… The estimate of up to $2 billion in fraud and waste represents nearly 11 percent of the $19 billion spent by FEMA on Hurricanes Katrina and Rita as of mid-June, or about 6 percent of total money that has been obligated.
Awhile back the Justice Department established a Hurricane Katrina Fraud Task Force. Browsing through their news releases gives the impression that the task force is focused exclusively on fraudulent claims for assistance, and certainly there’s plenty of that to keep them busy. Fraud on the part of government contractors, however massive, seems not to be a concern. And the Republican-controlled Congress seems to have done little more than go through the motions of providing oversight.
Let’s hope that’s about to change.
Remember how this summer, the Department of Homeland Security reduced the amount of anti-terror funding NYC would get? Sure, NYC was still getting most of the funding, but funds were being increased in less risky areas with, well, influential politicians. And then the press had a field day with how Homeland Security didn’t think there were any national monuments or major buildings at risk? And then Homeland Security claimed that NY State and NYC didn’t file their request properly?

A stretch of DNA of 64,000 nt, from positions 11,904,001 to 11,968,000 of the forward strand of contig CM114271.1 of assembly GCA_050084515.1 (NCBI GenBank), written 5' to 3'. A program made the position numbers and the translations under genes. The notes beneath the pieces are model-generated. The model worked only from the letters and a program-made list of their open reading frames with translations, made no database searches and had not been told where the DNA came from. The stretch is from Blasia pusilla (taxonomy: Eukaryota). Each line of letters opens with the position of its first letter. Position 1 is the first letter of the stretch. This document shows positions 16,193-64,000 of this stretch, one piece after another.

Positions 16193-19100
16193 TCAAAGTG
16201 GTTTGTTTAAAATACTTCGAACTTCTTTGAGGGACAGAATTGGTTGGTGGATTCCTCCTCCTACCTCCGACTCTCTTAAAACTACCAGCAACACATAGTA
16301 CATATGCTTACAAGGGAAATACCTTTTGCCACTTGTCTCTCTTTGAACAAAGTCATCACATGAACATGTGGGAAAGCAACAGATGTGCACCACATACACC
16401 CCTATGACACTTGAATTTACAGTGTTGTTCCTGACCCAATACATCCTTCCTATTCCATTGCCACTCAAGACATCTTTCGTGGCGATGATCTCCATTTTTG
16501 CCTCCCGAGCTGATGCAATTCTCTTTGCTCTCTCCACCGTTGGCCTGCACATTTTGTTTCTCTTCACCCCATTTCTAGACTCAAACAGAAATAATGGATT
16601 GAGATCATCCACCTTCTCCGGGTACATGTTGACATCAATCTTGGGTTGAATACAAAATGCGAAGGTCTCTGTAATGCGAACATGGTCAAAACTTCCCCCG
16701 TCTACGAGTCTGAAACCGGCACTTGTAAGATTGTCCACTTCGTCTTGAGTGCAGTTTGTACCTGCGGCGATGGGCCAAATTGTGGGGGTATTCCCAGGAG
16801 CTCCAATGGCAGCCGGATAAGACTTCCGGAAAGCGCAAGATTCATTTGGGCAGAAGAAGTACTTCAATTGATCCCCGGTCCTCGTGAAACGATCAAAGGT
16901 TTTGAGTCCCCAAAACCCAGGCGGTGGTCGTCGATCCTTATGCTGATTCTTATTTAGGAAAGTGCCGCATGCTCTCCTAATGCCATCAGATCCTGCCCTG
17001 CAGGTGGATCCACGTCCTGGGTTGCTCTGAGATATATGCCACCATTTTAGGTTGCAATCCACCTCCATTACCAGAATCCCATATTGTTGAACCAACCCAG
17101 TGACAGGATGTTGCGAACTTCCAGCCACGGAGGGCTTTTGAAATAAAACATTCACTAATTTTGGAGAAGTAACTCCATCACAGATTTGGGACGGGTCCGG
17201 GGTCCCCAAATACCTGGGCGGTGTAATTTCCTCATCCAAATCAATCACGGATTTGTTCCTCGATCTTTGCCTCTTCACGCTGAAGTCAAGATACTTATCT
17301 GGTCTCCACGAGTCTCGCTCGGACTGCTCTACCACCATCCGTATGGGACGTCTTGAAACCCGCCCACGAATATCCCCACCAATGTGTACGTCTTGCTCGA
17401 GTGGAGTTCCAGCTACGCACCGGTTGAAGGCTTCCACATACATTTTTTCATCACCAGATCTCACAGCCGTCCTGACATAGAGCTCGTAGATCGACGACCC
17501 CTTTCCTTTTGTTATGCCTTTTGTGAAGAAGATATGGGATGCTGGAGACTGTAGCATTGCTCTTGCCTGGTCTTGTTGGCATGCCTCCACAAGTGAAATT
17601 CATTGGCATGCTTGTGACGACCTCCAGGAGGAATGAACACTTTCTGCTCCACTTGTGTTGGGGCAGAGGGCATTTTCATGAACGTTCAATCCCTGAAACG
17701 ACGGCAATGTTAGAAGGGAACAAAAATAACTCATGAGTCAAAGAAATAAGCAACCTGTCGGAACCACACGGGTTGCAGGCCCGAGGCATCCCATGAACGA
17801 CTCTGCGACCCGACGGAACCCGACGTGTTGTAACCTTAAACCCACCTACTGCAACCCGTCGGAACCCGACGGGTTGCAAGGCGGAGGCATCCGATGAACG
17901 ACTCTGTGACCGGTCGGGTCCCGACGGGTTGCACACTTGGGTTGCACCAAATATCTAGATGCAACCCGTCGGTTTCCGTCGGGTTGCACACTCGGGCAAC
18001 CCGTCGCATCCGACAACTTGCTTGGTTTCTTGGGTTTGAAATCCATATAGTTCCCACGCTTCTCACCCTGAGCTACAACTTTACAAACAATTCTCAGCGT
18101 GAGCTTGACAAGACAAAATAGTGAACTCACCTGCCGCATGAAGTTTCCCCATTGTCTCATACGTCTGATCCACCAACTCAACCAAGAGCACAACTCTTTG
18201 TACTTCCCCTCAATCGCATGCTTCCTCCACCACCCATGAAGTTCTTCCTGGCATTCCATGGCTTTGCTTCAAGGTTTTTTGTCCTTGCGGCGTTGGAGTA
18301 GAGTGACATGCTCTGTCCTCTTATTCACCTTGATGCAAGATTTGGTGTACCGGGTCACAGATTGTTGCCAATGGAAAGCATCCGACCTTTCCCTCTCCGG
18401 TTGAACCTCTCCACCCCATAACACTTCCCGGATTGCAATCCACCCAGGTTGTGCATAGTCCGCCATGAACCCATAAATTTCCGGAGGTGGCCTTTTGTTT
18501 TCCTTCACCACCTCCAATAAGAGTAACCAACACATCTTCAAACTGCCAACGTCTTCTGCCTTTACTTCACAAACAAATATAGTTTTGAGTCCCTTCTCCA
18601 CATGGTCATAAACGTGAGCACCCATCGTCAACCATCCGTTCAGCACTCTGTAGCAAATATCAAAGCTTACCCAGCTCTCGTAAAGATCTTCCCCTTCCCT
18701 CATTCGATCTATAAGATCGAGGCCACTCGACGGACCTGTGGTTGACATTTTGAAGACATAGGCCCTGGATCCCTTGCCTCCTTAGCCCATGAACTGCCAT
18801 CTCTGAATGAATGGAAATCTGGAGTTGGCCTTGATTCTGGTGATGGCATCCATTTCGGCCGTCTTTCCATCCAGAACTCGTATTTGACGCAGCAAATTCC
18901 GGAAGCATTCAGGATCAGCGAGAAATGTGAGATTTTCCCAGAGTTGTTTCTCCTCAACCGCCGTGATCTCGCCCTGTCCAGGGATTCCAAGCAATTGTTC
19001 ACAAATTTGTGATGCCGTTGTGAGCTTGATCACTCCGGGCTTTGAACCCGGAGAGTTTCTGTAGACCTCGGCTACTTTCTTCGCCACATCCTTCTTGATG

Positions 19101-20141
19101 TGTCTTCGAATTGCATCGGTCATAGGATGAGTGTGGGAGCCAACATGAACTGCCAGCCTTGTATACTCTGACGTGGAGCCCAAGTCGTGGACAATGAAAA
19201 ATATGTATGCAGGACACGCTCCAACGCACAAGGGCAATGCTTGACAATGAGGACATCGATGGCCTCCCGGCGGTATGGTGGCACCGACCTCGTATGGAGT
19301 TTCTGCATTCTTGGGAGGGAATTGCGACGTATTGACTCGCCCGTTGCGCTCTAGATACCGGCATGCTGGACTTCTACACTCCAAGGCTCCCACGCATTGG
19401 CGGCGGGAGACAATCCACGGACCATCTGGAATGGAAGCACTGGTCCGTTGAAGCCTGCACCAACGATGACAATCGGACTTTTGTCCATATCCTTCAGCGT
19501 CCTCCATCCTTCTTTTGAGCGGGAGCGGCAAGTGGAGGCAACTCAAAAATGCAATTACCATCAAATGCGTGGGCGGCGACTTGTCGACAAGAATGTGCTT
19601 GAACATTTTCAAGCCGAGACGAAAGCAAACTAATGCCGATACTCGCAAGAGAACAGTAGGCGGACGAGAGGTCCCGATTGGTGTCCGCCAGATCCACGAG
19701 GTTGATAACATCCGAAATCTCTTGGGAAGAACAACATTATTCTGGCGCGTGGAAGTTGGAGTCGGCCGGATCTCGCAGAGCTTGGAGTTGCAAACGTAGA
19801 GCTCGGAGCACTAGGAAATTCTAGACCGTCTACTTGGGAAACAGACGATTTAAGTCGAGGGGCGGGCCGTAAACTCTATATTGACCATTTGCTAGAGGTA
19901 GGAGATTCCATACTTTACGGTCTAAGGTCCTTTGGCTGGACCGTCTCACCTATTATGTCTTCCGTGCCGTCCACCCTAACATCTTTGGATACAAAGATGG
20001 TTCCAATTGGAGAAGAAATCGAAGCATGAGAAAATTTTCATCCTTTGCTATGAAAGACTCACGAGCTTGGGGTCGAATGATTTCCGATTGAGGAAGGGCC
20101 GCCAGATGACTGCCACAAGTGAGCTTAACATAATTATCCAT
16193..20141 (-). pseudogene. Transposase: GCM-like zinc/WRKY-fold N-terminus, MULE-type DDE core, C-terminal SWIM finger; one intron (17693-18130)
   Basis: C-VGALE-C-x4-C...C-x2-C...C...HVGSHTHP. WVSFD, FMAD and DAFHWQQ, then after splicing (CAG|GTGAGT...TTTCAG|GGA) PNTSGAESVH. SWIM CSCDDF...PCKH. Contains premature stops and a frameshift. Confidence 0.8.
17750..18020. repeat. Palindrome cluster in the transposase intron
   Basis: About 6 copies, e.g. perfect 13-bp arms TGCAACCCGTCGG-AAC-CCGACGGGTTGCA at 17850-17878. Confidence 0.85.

That’s pretty much what FEMA said about the people who’d had their rent aid cut off.
Well, now Homeland Security Secretary Michael Chertoff has come out and tacitly stated – though not outright admitting – that the DHS was wrong. The Post reports that at a grand-writing [grant-writing?] conference, Chertoff offered a mea culpa: